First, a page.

Here is the link to their website, where you can get most of the information that was in the program, as well as information about the other shows that they've done and their upcoming productions. Below is the downloadable study guide for students. It's a 49 page booklet with all kinds of interviews with the cast and crew, designers, directors, and creators of both the company and this production. There are lots of production photos as well.
study guide for students
original music from the show
This is the CD we bought after the show. It's available on their website. Unfortunately it only has two songs from Tristan and Yseult on it. But the plus side is that it has 10 more songs from their other shows and all of them are beautiful. You can get your very own copy by clicking on the merchandise button on their website. Their website also has audio files of the songs from the show. I'd add them here but I can't since I don't pay for that extra feature.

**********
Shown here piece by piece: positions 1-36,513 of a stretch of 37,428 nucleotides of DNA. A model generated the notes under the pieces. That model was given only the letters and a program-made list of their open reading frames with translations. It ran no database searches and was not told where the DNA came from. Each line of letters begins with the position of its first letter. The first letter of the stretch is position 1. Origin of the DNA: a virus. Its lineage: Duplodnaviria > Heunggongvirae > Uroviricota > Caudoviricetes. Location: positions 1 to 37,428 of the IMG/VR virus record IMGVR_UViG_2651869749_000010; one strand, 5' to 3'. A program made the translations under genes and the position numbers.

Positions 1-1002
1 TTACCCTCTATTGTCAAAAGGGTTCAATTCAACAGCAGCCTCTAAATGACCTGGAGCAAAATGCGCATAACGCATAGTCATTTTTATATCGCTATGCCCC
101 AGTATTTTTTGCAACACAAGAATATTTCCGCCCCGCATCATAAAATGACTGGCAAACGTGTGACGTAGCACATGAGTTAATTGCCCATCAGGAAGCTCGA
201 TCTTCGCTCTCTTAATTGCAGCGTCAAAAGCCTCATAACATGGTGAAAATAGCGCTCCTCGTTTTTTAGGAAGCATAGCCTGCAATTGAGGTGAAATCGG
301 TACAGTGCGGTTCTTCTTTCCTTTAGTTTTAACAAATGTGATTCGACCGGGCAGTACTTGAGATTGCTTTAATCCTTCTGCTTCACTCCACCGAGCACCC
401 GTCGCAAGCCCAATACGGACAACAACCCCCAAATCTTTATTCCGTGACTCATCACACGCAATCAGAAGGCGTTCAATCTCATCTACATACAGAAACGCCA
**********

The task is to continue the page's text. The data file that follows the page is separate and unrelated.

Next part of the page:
Total cost of the event: 3 tickets $78, CD $10.